The union suggests a “soft reopening” in the summer to address issues before September. Teachers also want all ventilation issues remedied before school buildings are reopened for in-person learning.

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  • Chino Vargas

    The teachers unions are the new terrorist Group in America

    • HankMorgan

      Yeah. Because they demand that their members work and students learn in a safe environment, right? What is wrong with you? I certainly hope you don’t have school age children you’d be willing to put into these buildings.

      The real terrorism comes from the superintendent’s office. Her claim that the district has spent twenty-million dollars to prepare for reopening needs to be investigated. If only half of the schools are safe the question is, of course, where did that money go, to whom and for what?

      • Chino Vargas

        Teachers union is a joke,they have the students hostage,they dont follow the CDC,other state open month ago but is all political.

  • Titi Nina

    Capers openly admits that Staff was forced to come into unsafe buildings in September in his quote. Yes the buildings are MORE prepared than they were. Question is are they FULLY prepared to receive students and staff? Is it acceptable to be less unsafe yet not actually safe?

    • HankMorgan

      “Our kids are getting the bad end of the stick,” said Capers. “Students need to get back into schools and get back to normalcy.”
      Students get the “bad end of the stick” when they are forced into the unhealthy and unsafe classrooms Paterson Public Schools provides. This is not “normalcy.” It is insanity. It’s been going on for years. All stakeholders suffer. It’s time to change.
      As someone so intimately involved in the health of students and educators, you should know better. Since you do not you should resign your position immediately. Your values are inconsistent with providing Paterson students with a safe and efficient education.

  • Greta Mills

    Fix the schools and stop wasting money!
    Don't have select schools ready while the rest are in poor condition. A socket may not matter to Caper but that socket needs to be used so why not fix it???? Window screens torn and missing so things can be thrown out the window and hurt innocent people below. Books, scissors and other things can cause bodily damage or maybe even death depending on what is thrown out the window. Law suits will be filed because the district ignored and refused to fix the problems.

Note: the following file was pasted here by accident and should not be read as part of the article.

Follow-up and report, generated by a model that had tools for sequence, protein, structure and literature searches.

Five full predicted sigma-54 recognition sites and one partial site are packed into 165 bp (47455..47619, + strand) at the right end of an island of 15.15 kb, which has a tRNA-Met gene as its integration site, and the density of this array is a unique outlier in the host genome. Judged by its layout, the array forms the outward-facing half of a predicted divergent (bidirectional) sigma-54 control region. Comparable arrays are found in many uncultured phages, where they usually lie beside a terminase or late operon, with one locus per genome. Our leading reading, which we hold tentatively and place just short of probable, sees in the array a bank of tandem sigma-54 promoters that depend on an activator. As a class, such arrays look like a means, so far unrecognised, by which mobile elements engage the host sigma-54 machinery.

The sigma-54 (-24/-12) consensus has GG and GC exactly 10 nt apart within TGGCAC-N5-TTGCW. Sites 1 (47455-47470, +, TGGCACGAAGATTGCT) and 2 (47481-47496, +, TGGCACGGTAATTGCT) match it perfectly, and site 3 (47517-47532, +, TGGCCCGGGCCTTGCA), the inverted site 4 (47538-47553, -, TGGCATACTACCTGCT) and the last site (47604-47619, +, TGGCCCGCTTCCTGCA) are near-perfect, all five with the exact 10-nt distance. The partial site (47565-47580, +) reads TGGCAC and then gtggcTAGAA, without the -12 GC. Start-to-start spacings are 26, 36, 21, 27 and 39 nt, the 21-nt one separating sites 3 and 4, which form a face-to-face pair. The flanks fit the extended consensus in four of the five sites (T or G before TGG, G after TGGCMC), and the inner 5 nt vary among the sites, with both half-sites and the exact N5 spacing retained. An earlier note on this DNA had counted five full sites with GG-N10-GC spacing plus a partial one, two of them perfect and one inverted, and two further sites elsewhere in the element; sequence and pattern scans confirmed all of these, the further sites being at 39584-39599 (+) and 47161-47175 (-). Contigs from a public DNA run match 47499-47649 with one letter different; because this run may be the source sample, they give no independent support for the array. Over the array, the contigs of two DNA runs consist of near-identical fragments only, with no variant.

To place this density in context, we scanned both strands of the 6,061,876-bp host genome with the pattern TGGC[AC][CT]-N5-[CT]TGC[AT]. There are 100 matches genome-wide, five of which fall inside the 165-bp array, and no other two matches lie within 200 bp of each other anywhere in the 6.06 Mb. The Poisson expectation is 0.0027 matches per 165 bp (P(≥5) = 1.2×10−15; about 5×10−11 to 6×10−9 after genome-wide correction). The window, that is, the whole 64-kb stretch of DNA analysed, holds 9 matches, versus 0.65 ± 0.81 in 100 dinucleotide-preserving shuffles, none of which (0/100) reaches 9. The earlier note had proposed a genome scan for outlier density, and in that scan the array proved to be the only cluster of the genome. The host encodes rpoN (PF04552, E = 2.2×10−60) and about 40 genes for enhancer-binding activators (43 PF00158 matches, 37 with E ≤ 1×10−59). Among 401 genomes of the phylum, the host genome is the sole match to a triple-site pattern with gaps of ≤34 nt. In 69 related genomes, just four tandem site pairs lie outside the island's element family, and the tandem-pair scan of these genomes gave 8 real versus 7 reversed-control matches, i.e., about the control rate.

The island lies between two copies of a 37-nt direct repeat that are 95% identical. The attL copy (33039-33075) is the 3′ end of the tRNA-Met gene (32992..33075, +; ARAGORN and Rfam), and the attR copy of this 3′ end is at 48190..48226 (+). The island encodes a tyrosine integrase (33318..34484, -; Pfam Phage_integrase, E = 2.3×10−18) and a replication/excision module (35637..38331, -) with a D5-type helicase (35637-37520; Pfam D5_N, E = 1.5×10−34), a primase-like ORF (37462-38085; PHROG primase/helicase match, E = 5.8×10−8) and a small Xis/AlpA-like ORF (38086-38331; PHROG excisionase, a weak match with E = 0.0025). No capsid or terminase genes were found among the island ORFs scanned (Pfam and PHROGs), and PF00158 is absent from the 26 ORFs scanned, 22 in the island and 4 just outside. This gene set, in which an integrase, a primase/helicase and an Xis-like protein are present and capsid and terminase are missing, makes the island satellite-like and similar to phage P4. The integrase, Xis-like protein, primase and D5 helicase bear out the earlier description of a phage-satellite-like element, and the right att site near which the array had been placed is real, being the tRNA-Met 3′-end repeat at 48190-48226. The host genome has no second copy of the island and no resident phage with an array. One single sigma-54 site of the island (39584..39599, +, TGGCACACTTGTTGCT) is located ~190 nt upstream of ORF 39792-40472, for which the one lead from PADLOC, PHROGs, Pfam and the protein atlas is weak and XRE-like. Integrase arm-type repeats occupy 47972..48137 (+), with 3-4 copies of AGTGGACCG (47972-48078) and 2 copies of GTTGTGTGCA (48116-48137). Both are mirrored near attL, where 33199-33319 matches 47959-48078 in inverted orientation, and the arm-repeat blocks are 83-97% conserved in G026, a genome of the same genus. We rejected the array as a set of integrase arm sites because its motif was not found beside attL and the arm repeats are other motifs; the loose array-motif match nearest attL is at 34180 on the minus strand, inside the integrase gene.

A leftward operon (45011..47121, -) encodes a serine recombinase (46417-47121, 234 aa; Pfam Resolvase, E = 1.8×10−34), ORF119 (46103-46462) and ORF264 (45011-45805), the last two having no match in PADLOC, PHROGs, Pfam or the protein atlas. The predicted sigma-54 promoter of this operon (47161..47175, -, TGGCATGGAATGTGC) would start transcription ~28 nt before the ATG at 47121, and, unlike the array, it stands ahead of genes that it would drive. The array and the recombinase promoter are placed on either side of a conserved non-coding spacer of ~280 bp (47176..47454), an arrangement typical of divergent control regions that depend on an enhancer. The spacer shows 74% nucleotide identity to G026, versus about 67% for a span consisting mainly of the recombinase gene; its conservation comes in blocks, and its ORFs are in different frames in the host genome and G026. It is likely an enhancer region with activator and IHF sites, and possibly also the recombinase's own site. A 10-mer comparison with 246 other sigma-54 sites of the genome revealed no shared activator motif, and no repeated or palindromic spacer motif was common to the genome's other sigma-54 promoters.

100 degree classrooms is a safe environment??? Really.
    PPE should not be the only concern! People have allergies, asthma, & other ailments so poor air quality in the classroom and crippling heat will not help the students or the teachers.
    Covid did not cause these problems lack of building maintenance and concern over the years did. We live in a world were select schools have the best and are put on display while other schools go neglected.
    90 Delaware staff sit in air conditioned facilities. Select schools have air conditioning and central air. Other schools have no air, no windows or windows that open 2.5 inches. Some classrooms are located where no breeze can flow through the classroom. How effective will the learning or teaching be in a hot classroom with sweat dripping down your body????

    All teacher and students deserve to have the best learning environment possible! It seems to me some people don't care "All Students and All Teachers!" It is 2021 and no one should have to work or learn under poor conditions. Stop wasting money and do the right thing "Fix Everything" not some of the things.

    Stop laying blame because the district refuse to fix "all" the facilities correctly. Leaking roofs, wifi ban width, electricity, windows, screens or metal grid on windows, and proper ventilation.

    Those vents should be fixed with the proper missing coil so that it serves as a heater and air conditioner. A MERV filter should be placed in each one to help with cleaning out the air. Opening a window will not kill the virus! Air does not kill the virus!

    Do the right thing for all schools and stop this blaming back and forth. Pictues don't lie.
    Teachers don't control the spending/budget!
    Classroom teachers and students will be the only people inside an over crowded classroom. Not all classroom capacity sizes are the same. Some classroom capacities are very small while others are larger. People draw heat. There won't be 3ft or 6ft spacing. Students will be eating in close proximity of each other with no mask in classrooms (but business can't).


  • Greta Mills

    Make government accountable. More schools so students can be in a smaller classroom environment receiving the services they need to be successful.
    1 teacher to 30 & 40 students is not effective nor is it the best this country should have to offer to children who so far behind.

  • RadFAAD

    Lets be real. You teach in Paterson; its never going to be "safe".

    You need to go back or you need to be replaced.

    Its that simple.